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Texas City’s Elections Under DOJ Oversight After Hispanic Discrimination Ruling

Pasadena, Texas, will be monitored by the Justice Department now that a federal judge has ruled that the City violated the Voting Rights Act by intentionally changing its city council districts to decrease Hispanic influence. The City, which the court ruled has a “long history of discrimination against minorities,” will have to get permission from the DOJ to make any changes in election policy going forward, otherwise known as pre-clearance.

The Mexican American Legal Defense and Educational Fund (MALDEF) filed the lawsuit on November 12, 2014 against the City of Pasadena, Mayor Johnny Isbell, and eight city council members. The five Hispanic plaintiffs were registered voters in the city.

The federal complaint alleged that the City had violated the Voting Rights Act of 1965, the Fourteenth and Fifteenth Amendments to the U.S. Constitution. The Hispanic plaintiffs sought a declaration by the court that “the hybrid election system for Pasadena City Council intentionally discriminates against them on the basis of race and national origin.” They also pled that the U.S. Census American Community Survey estimate for 2008-2012 found that the citizen voting age population was 43% Hispanic.

Representatives for MALDEF say that Latino registered voters in the city just south of Houston had grown in the last 16 years from 30.6 percent (2000) to 42 percent (2016).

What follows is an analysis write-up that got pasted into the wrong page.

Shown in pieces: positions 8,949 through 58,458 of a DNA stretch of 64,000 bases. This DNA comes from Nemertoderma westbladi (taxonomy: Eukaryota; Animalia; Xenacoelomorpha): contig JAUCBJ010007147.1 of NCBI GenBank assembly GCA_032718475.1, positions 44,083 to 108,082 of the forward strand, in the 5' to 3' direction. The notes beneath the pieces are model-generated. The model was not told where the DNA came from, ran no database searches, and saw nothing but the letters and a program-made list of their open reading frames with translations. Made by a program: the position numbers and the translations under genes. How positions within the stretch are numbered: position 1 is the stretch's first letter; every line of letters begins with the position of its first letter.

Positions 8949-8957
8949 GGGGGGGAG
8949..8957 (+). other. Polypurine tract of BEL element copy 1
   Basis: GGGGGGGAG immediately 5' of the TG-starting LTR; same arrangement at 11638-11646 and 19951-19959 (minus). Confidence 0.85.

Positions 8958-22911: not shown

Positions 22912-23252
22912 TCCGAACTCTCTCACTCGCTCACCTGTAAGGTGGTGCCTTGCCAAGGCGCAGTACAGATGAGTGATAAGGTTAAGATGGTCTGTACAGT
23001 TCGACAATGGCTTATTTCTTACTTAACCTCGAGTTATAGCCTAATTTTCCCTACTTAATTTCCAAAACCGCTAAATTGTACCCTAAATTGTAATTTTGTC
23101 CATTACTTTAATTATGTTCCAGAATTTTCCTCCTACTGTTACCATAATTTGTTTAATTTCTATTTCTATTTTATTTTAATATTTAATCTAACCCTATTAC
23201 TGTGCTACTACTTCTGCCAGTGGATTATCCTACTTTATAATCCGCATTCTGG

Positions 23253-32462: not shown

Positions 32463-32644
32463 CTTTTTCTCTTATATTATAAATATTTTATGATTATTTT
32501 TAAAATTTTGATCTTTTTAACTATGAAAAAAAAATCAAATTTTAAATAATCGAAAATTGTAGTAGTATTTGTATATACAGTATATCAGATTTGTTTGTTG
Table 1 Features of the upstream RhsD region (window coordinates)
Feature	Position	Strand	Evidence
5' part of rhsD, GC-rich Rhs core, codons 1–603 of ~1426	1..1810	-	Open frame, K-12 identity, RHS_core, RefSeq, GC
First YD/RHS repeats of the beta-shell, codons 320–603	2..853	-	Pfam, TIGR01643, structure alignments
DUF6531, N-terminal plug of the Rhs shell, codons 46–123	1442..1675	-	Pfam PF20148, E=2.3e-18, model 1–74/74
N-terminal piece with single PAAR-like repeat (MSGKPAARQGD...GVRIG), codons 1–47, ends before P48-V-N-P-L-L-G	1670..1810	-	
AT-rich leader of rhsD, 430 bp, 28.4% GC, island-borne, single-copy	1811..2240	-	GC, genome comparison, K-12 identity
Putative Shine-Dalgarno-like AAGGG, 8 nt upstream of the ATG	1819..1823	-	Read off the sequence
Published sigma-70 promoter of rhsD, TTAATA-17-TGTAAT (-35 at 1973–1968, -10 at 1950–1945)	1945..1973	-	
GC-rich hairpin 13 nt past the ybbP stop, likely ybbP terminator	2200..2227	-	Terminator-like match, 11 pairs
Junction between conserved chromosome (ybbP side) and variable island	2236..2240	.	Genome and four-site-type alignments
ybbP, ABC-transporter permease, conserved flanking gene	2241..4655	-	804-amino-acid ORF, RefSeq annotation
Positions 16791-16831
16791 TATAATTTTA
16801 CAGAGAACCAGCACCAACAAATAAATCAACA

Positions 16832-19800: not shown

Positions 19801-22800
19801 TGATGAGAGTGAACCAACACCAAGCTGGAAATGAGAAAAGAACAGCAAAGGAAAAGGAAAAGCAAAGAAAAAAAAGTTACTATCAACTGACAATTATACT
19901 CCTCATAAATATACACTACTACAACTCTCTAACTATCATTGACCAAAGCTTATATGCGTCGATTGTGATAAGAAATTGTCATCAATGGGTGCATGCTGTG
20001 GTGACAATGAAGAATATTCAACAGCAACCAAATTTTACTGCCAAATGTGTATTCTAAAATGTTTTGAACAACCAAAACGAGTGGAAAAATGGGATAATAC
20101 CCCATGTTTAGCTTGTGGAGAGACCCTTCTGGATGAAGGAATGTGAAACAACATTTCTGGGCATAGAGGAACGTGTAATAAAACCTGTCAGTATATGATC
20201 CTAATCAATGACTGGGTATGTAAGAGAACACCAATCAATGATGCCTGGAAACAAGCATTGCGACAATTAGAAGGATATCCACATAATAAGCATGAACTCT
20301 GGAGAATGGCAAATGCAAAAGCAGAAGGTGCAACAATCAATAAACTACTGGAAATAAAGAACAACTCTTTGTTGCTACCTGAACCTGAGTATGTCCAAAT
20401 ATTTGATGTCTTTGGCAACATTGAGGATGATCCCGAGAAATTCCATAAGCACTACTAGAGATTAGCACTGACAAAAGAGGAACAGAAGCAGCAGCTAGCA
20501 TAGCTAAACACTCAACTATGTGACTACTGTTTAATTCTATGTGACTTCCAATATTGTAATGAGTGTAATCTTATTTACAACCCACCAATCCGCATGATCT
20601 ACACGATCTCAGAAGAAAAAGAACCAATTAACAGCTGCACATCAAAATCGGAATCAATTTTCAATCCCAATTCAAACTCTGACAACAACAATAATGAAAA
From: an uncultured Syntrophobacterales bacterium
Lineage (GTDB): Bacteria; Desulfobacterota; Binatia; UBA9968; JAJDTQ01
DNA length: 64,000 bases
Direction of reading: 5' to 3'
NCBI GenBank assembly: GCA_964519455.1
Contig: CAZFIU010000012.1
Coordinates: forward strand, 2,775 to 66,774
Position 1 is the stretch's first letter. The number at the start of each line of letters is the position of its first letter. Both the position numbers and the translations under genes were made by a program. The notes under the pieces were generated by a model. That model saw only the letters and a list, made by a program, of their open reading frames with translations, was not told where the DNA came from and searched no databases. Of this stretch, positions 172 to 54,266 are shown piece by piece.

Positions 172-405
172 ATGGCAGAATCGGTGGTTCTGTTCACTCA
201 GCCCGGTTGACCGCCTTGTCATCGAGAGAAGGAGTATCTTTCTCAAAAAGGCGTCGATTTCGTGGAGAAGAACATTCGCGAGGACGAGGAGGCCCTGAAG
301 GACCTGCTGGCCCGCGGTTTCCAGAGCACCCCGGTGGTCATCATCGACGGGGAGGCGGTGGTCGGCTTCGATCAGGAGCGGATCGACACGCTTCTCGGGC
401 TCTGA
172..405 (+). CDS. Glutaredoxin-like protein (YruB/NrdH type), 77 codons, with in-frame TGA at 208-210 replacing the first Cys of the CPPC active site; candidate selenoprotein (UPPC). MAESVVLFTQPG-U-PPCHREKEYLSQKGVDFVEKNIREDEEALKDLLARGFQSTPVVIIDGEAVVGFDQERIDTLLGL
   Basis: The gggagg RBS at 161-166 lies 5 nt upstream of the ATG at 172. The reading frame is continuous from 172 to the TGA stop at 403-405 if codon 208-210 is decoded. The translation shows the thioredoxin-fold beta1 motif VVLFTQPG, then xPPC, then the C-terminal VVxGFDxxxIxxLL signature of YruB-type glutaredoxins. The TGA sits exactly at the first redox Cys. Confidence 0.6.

The judge issued the 113-page opinion in January after a trial before the bench (no jury) in December.

During the trial, the plaintiffs put on evidence to support their argument that the City decided to get rid of two neighborhood districts of the existing eight, and replace them with at-large seats, in order to diminish Hispanic voting power and influence. The lawyers presented evidence that the City was positioned to have five of the eight single-member districts decided by Hispanic voters. The eight-district system had existed since 1992 and was previously approved by the DOJ. In all, there were 16 witnesses who testified, and 468 exhibits were admitted into evidence.

U.S. District Judge Lee H. Rosenthal wrote, “In short, Pasadena’s elections are racially polarized. The City’s 2013 racially polarized vote in favor of the 6–2 redistricting map and plan and the Council’s 2014 vote to approve the change were narrowly decided. The effect was to dilute Latino voting strength. That effect was foreseeable and foreseen.”

Judge Rosenthal continued on pages 103-04 of her opinion: